, NAIROBI, Kenya, June 16 – Finance Minister Uhuru Kenyatta said on Tuesday that he would not rescind on his directive that placed a cap on the number and engine capacity of motor vehicles for senior government officials.
This is despite some resistance from a section of his Cabinet colleagues, who have cited the need to retain big off-road vehicles for official functions in rural areas.
Mr Kenyatta however observed that any special transport needs for ministers could be catered for without necessarily having more than one official vehicle.
“We are not saying that those four wheel drive (vehicles) are not necessary. There is always need for additional equipment to deal with various issues,” the minister said, assuring that the Treasury would cater for such needs as they arise.
“For example if you need a helicopter or an aeroplane to go for an emergency session, it doesn’t necessarily mean it has to be parked in your garage but it’s available in the airport and you can use it when necessary,” Mr Kenyatta quipped.
In his Budget speech before Parliament last Thursday, the Finance Minister limited Cabinet Ministers and other senior civil servants to one official vehicle each, with an engine capacity not exceeding 1800cc. A section of Ministers have publicly denounced this directive but most MPs have thrown their weight behind the directive.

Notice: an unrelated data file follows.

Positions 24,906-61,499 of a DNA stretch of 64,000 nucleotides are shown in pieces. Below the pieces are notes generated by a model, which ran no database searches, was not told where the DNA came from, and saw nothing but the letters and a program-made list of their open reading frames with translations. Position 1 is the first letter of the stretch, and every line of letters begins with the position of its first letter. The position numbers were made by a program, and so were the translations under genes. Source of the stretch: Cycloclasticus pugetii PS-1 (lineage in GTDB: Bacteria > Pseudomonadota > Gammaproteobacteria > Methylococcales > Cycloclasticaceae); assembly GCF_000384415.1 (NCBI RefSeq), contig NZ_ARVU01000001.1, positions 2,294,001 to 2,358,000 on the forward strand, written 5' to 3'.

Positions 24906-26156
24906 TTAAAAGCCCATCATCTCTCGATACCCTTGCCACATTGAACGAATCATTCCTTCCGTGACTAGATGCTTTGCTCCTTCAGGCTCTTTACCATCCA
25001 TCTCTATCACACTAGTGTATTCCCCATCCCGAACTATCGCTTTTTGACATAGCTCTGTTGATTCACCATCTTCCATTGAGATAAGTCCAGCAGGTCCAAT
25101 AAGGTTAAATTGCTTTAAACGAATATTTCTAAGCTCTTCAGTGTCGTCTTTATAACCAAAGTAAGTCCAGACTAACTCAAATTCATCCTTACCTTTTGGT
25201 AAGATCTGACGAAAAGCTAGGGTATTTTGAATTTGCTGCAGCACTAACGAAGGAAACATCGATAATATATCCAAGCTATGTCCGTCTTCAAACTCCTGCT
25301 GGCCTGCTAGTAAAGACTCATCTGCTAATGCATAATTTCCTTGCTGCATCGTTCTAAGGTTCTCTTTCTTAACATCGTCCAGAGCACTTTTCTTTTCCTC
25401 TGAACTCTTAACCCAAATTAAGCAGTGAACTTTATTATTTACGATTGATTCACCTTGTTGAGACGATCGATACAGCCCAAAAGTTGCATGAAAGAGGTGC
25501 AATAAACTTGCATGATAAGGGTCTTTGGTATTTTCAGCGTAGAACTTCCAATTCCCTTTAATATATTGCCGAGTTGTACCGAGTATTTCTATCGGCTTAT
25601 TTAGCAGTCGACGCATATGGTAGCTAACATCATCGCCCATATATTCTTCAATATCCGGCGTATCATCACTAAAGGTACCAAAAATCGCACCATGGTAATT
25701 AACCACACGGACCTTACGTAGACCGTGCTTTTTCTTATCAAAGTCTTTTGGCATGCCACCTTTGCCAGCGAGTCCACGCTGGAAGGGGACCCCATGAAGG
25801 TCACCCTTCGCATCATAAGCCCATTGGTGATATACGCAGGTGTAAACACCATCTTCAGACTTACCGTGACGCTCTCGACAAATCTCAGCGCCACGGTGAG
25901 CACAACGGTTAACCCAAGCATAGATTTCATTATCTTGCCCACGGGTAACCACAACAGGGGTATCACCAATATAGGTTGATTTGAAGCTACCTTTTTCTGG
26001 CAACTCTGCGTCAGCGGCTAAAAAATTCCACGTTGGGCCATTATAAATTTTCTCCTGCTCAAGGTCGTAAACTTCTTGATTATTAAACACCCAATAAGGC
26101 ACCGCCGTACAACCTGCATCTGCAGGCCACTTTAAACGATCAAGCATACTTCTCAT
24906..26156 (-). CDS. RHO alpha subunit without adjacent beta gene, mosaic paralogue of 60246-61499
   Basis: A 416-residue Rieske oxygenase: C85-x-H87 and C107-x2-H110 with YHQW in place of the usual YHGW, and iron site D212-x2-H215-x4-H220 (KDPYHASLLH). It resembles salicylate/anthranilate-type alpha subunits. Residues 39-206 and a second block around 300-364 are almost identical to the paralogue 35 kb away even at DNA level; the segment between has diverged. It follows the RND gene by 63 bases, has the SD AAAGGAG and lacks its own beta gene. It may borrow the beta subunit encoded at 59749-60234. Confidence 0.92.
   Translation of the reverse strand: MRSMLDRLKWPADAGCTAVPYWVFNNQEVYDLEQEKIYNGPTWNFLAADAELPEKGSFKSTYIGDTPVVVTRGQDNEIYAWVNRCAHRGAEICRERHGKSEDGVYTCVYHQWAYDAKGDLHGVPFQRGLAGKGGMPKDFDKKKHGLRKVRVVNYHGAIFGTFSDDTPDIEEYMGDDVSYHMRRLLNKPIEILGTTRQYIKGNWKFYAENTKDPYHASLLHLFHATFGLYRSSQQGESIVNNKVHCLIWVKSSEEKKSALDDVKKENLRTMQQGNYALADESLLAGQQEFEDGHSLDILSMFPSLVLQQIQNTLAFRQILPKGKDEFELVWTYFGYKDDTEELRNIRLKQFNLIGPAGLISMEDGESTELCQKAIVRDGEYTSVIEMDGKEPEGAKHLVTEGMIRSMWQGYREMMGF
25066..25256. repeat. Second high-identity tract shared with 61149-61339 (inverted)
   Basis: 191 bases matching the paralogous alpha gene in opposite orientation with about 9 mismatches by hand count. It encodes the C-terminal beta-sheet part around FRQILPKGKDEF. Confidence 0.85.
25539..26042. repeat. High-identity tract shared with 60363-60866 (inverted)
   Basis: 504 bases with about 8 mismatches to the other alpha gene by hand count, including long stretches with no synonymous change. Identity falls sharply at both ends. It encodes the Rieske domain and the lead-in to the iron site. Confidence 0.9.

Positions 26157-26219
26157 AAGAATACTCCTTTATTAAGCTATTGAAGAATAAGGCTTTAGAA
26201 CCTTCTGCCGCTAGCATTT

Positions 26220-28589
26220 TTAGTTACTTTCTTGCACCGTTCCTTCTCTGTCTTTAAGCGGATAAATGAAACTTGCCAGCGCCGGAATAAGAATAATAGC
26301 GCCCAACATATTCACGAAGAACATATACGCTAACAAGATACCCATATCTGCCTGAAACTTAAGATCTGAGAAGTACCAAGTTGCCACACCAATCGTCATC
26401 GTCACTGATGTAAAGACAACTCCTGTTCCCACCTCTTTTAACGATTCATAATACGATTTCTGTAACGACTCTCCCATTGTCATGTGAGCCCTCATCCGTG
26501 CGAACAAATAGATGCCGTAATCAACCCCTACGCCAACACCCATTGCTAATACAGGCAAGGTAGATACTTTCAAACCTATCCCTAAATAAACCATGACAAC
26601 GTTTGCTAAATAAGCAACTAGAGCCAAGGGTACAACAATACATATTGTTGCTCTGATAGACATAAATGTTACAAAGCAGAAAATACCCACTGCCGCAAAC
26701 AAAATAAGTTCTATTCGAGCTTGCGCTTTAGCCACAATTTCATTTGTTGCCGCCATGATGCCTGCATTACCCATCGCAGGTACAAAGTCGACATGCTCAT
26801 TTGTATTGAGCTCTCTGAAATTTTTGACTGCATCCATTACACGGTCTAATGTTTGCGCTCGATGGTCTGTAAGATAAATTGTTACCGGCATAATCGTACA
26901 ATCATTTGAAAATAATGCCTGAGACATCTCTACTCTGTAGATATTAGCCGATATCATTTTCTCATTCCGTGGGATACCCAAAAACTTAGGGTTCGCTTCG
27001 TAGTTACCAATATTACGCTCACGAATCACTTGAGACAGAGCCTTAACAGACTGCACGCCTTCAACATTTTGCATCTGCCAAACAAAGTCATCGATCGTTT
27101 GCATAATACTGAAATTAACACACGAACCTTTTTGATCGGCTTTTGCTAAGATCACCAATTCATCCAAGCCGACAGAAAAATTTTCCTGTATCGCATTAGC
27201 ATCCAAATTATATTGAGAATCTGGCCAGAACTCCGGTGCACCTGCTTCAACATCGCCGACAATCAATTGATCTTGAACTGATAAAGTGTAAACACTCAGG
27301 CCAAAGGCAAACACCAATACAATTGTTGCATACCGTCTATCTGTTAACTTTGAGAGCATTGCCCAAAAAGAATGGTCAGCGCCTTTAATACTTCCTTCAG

Debating the budget speech Lugari MP Cyrus Jirongo urged Mr Kenyatta to show transparency in the disposal of the vehicles. He however lauded the Minster for the move noting that it was welcomed.
“Let Ministers utilise the Sh3 million grant we all get at the start of our term to buy the big cars they want,” he said.
Assistant Ministers Joseph Nkaissery and Cecily Mbarire welcomed the move saying that even if it would take away some pleasure its benefits were worth.
“I know I will be losing my big car but if that means more money for my constituency it is for a good course,” Ms Mbarire said.
“The Minister said very clearly that he consulted the two principals and therefore anyone defying the directive should be fired,” Mr Nkaissery who is the Defence Assistant Minister added.
Ministers Mutula Kilonzo and Beth Mugo are among those who have welcomed the new arrangement of official cars.
While making their views on the budget in the House, MPs generally congratulated Mr Kenyatta for devolving more funds to the grassroots but some were cautious on the management of the same resources. A section urged the Minister to organise a workshop to sensitise them and the technical officers on the ground on their roles particularly on the monies allocated through the line ministries.
“We need to create a good relationship with the technical officers at the districts for good utilisation of the funds,” remarked nominated MP Amina Abdalla.
“These steps require to be matched with action. We need to develop policies to guide the implementation,” nominated MP Mohammed Affey voiced.
In the meantime, Mr Kenyatta said Treasury was formulating mechanisms for monitoring utilisation of funds that had been earmarked for various constituency projects during the budget.
“We are working on processes and procedures that shall be used so that Kenyans countrywide can monitor their programs very clearly from the beginning to the end,” he said adding that the monitoring procedures would be in place by July.